5. 3716724 Canada Inc. v. Carleton Condominium Corporation No. 375 (Ontario Court of Appeal – August 30, 2016)

The “business judgment rule” applies to decisions of condominium Boards of Directors. When arriving at a decision (such as whether or not to grant an owner’s request for a change to the common elements), the Directors must give the matter fair and reasoned consideration, including proper consideration of the rights and interests of all owners. As long as the decision-making process is reasonable, and as long as the Board’s ultimate decision is “within a range of reasonable choices”, the Courts will show deference, and therefore allow the Board’s decision to stand, even if the Court might have arrived at a different choice.

To read more about this case, see our previous blog post Court of Appeal Confirms Boards are Entitled to Deference.

And for any more questions about condos, get in touch with us.

New Authorities Under Bill 106

As most of our readers will know, the province has established two new authorities under Bill 106, the Protecting Condominium Owners Act:

  1. The Condominium Authority of Ontario
  2. The Condominium Management Regulatory Authority of Ontario – under the new Condominium Management Services Act, 2015

The province’s website lists the functions of the Condominium Authority. The Condo Authority will provide:

  • Affordable access to quicker, accessible and lower cost resolution of disputes primarily between corporations and owners
  • Self-help tools, case management and mediation to prevent easy-to-resolve disputes from being tied up in costly and time-consuming legal proceedings
  • Education and awareness for condo owners about their rights and responsibilities, and the basics of condo living and how it differs from other freehold ownership
  • Education for condo directors
  • A registry of all condo corporations in Ontario, including their boards of directors and contact information
  • A guide for condo buyers, setting out unit owners’ roles and responsibilities

The province’s website says that the Condominium Management Regulatory Authority will administer the Condominium Management Services Act, 2015, including the following functions:

  • A compulsory licensing system for condo managers and management providers
  • Training and education requirements for managers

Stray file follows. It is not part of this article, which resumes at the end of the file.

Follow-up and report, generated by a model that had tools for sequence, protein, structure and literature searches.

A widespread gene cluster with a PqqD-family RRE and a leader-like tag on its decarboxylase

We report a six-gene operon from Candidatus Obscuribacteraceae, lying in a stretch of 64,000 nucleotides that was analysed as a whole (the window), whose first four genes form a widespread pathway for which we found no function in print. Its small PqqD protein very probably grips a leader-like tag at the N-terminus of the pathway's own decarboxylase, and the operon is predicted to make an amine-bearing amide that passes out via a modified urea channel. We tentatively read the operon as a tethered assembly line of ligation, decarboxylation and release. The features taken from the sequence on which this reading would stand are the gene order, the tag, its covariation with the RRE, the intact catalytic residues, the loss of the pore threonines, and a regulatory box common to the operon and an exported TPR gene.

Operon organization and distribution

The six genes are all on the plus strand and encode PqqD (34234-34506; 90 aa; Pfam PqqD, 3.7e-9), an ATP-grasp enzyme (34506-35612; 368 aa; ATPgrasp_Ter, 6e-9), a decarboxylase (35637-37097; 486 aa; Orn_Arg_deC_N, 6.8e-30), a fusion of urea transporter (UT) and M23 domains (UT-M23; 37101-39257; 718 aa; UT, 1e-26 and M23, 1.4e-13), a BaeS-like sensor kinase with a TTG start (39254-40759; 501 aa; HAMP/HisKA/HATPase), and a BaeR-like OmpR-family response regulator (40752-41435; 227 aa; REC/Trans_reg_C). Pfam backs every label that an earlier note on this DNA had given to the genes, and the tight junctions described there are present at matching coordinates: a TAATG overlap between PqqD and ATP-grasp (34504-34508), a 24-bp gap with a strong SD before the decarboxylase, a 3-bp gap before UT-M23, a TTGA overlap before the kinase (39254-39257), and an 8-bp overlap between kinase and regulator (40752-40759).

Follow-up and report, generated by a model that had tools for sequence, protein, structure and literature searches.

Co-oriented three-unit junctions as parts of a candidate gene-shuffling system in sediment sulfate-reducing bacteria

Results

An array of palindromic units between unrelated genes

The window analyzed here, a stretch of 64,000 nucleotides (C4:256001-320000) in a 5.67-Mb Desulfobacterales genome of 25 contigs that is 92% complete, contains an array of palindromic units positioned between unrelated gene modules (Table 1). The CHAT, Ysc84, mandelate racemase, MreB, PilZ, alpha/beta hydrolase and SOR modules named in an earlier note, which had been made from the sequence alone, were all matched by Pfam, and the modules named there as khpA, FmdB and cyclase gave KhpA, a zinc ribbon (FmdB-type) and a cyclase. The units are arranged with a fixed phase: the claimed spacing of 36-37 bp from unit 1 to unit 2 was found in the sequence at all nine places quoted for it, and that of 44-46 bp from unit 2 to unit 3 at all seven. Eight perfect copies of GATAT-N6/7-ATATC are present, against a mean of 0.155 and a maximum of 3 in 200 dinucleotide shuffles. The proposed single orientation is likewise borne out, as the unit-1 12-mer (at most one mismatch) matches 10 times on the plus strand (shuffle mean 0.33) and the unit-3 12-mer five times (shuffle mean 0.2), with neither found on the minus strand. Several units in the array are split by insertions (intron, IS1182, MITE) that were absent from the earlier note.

• A code of ethics for condo managers and providers

These two new provincial authorities won’t start performing their various functions just yet. We are all still waiting for the new regulations (under this legislation) and for the legislation to be proclaimed in force. We’re now told that these steps will happen in stages in 2017.

In the meantime, the province is preparing the authorities for their coming work, and has appointed the initial Boards of Directors for the two authorities. They are as follows:

Condominium Authority of Ontario
Tom Wright, Chair
Genevieve Chornenki
Armand Conant, Secretary
Frank D’Onofrio

Condominium Management Regulatory Authority of Ontario
Aubrey LeBlanc, Chair
Joan Andrew
John Oakes
Gail Beggs

For more information about Bill 106, contact us.

Home Inspectors and the Implications for Condo Purchases

This week, an article by Jim Davidson was published in the online publication Condo Business.

It is titled “Regs Likely To Have Minor Impact On Purchases”, and you can read it here.

In the article, Jim explores how the proposals to license and regulate home inspectors will affect condominium purchases. Specifically, he looks at the role of status certificates and reserve fund studies in the purchase process.

For more about home inspections and condominium purchases, contact us.

 

ACMO / CCI-Toronto Condominium Conference 2016

This week is the 2016 National ACMO / CCI-Toronto Condominium Conference! It is the twentieth year this event has been held, and will be at the Toronto Congress Centre, running from November 11 to 12.

Presenting at the conference are our very own Jim Davidson and Nancy Houle. Jim will be speaking at the “Rapid Fire Legal Issues” discussion on Friday November 11 at 9:15am, and Nancy will be speaking at “Case Law Update”, the final event, on Saturday November 12 at 2:15pm. Also in attendance from the firm will be Kristen Bailey.

Other topics on the program include:

  • Technology in Condos
  • Directors’ Survival Kit
  • Insurance
  • Keynote speaker: author, columnist, and media commentator Jim Carroll.

For further information and to register, visit the event website here.

And for any question relating to condos, contact us.